Introduction: The Clark’s tripartite model of anxiety and depression suggests that Positive Affectivity (PA) might be a specific risk factor for depression, while Negative Affectivity (NA) has been proposed as a non-specific risk factor for both anxiety and depression. The objective of this study was to explore the relation between affectivity and psychological distress in a sample of patients with cancer and following a longitudinal design. Method: 79 patients with cancer (87,3% females; Mean age = 49.9 years, SD=10, range=23-68 years) participated in the study. Patients completed the Positive and Negative Affective Schedule (PANAS), the Hospital-Anxiety-Depression-Scale, and the Beck Depression Inventory at Time 1 (T1) and at Time 2 (T2), 4 months later. Results: Results from hierarchical regression analyses – controlling for socio-demographic, clinical, and dependent variables measured at T1 – showed that PA significantly predicted depression at T2, as measured by the HADS, while it failed to predict both anxiety and BDI scores at T2. NA did predict BDI scores at T2, while it failed to predict both anxiety and depression, as measured by the HADS, at T2. Conclusion: Findings in this study did only partially support the Clark’s model. They support a specific risk factor for cognitive and affective symptoms of depression. NA arose as a specific risk factor for depression, in particular for anhedonic symptoms. Hence, both PA and NA seem to be specific risk factors, even though for different aspects, of depression.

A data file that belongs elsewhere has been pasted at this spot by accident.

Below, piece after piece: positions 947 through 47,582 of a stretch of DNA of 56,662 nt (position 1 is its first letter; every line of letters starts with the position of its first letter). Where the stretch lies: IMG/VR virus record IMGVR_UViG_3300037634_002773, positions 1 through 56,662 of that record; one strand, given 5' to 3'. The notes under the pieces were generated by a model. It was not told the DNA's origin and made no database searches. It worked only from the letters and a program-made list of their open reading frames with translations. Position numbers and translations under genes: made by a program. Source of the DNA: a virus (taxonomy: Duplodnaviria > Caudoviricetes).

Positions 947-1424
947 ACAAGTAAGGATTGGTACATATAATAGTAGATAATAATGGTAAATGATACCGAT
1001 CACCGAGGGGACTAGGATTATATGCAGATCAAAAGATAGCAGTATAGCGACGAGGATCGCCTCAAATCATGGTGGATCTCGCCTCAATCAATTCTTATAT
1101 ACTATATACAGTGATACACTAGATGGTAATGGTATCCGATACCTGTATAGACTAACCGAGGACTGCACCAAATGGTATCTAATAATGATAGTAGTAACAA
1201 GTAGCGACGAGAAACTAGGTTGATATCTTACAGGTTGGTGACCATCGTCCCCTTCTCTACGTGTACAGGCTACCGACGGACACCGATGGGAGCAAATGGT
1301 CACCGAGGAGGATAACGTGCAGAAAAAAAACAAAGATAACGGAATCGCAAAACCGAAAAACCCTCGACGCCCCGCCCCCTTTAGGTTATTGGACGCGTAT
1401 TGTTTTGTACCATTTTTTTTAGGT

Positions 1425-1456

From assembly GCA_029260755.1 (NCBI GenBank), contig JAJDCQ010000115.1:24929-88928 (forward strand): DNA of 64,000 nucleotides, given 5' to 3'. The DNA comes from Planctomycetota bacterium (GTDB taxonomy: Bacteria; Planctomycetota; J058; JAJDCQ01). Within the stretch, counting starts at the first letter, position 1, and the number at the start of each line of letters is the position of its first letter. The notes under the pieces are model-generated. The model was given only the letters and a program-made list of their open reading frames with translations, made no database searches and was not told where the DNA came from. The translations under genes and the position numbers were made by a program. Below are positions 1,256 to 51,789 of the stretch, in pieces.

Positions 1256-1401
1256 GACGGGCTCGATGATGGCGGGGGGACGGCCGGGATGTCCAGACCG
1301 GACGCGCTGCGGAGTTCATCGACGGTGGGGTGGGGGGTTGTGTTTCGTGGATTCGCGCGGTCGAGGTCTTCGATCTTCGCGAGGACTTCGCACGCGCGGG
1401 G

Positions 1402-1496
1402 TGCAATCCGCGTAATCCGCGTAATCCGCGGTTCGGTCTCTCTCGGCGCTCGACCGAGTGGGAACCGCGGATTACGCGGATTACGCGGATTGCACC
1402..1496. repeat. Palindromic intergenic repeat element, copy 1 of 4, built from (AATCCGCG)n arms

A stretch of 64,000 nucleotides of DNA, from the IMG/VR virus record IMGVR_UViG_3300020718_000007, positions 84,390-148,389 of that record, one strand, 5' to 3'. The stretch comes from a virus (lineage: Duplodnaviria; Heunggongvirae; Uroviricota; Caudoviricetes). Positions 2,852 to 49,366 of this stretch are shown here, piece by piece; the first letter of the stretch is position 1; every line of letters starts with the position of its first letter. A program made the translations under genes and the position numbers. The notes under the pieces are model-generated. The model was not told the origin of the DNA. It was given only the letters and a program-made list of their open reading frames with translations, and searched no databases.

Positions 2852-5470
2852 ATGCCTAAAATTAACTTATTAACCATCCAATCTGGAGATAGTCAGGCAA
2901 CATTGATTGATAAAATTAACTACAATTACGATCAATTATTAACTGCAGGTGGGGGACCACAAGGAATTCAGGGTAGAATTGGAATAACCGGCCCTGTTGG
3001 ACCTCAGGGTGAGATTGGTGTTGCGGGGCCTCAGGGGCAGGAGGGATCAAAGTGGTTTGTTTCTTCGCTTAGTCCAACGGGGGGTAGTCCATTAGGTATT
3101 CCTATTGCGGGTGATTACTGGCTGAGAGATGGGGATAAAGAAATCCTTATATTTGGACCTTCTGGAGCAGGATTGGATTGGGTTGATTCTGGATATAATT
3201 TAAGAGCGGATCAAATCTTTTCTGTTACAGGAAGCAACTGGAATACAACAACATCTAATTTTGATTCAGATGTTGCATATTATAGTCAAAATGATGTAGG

|Titolo:||The predictive validity of positive and negative affectivity in patients with cancer|
|Autori interni:||BERNINI, OLIVIA|
BERROCAL MONTIEL, CARMEN
|Anno del prodotto:||2013|
|Rivista:||PSYCHOTHERAPY AND PSYCHOSOMATICS|
|Appare nelle tipologie:||1.5 Abstract in rivista|